People are quick and eager to share negative stories, especially when they're looking for a resolution or some kind of retribution. Frequent customers will give you repeat business, but they may not be vocal about why they keep coming back.
Knowing what you're doing right is just as valuable as part of your knowledge base as understanding where you've made mistakes. Be sure to include this feature in your rewards program, so that you can start hearing more about the good alongside the bad.
Lots of businesses will offer a sign-up reward code like 'Welcome15' or something similar as a thank you for people agreeing to join their loyalty program. However, this isn't the only way you can personalize some of your rewards offers.
For example, consider giving your members birthday rewards as a special present on their big day. It doesn't have to be anything huge, even a 10-15% off code for their next purchase is usually appreciated.
People want to believe that as a business owner you care about their personal life achievements, the same way that as an owner, you want clients to care about the success of your business. Giving them a little bit extra (when a lot of other businesses don't these days), can really help set your brand apart from your competition.
And even though it could be something you offer all your members; it will still feel like a custom reward for members when they receive it, because it’s tied directly to their personal life event.
As great as it is to offer physical cards for your loyalty program out of your physical stores, in today's digital world, you have to be sure that your online community can access these same benefits.
In lieu of a physical card, you can create unique QR codes that members can bring into the stores with them, as well as use online through your website. This takes away the barriers between these two types of visitor traffic.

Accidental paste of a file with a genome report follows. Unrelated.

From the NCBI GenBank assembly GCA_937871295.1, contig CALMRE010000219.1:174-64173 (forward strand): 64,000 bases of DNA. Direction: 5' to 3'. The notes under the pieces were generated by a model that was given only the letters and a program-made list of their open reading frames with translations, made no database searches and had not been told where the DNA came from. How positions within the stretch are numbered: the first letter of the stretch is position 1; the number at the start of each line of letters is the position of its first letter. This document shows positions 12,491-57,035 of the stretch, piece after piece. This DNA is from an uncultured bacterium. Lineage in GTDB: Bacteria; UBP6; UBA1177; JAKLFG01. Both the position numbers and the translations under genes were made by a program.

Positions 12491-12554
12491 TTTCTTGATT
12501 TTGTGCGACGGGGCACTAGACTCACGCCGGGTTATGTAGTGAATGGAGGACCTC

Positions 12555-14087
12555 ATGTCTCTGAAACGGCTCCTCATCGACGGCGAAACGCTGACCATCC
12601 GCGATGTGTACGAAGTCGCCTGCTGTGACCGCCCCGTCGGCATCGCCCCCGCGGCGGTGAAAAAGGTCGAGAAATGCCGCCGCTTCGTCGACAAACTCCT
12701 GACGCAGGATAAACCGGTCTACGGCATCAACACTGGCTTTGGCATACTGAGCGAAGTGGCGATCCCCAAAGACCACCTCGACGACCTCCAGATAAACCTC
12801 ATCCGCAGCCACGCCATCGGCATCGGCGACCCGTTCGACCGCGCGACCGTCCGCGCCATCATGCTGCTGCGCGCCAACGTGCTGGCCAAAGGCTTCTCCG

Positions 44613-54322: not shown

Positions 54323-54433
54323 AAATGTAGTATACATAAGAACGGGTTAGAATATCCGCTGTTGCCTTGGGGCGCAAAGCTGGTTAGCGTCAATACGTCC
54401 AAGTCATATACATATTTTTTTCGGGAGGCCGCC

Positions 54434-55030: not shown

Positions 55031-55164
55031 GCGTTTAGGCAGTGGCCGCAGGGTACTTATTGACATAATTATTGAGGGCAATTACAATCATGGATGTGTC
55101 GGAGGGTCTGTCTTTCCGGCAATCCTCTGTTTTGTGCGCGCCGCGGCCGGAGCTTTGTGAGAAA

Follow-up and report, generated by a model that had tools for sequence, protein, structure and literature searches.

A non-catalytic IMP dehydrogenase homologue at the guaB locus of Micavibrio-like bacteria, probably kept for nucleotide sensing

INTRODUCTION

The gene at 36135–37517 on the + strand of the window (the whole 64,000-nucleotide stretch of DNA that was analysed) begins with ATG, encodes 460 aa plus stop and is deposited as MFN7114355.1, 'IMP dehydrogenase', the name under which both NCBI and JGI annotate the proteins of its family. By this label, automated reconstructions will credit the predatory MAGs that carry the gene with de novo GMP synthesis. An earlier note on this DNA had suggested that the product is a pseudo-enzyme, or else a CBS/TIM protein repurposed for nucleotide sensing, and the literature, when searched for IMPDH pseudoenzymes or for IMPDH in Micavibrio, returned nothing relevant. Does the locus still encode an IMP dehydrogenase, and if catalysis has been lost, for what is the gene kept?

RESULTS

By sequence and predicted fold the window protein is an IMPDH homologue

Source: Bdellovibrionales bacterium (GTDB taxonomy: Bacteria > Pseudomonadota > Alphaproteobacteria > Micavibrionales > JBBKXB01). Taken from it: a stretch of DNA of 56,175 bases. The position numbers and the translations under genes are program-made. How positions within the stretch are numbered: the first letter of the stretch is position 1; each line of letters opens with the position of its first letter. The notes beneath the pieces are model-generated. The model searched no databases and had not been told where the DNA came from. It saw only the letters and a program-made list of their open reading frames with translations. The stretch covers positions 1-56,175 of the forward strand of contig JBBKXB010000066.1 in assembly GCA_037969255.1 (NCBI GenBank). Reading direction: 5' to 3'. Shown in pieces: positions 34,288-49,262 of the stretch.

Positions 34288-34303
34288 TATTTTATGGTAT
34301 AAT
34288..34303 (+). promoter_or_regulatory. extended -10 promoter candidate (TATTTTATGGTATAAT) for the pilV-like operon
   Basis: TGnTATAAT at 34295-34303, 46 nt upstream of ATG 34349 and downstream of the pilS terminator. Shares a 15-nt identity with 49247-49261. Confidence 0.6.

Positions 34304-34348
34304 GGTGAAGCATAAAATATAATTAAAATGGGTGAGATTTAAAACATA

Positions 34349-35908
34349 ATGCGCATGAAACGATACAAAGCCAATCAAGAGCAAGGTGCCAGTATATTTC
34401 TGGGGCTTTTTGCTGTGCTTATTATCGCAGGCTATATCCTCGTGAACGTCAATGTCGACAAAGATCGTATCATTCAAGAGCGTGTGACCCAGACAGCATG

Social media marketing is also a valuable resource for connecting with people and building customer trust in your brand, so why not lean into the digital sense of community and make your tiered loyalty program available here as well?
Even if you can't engage everyone through these broad-reaching platforms, you're sure to connect with a percentage of customers that will be interested in signing up - especially if you're not charging a subscription fee.
In fact, this can be a great way to encourage new visitors to try out your business for the first time, after signing up. They'll be collecting bonuses on their first visit, which means your rewards program will be building loyalty from their first transaction.
Of course, if you've got an extensive list of email addresses for your existing customers that you've built through online account sign-ups, as well as in-store email campaigns to collect visitor data, you've already got a great promotional tool at your fingertips.
Email campaigns are a great way to reconnect with people that haven't shopped with you in a while, and remind them of all the new and exciting things your business is offering.
They may be interested to see what your tiered loyalty program has to offer, especially if they think that they'd be interested in visiting you again in the near future.
Just be sure to keep things informal and as personalized as possible. Try not to create templates that feel copy-and-pasted or dry. Otherwise, you may see a percentage of customers unsubscribe their email address from your list out of frustration.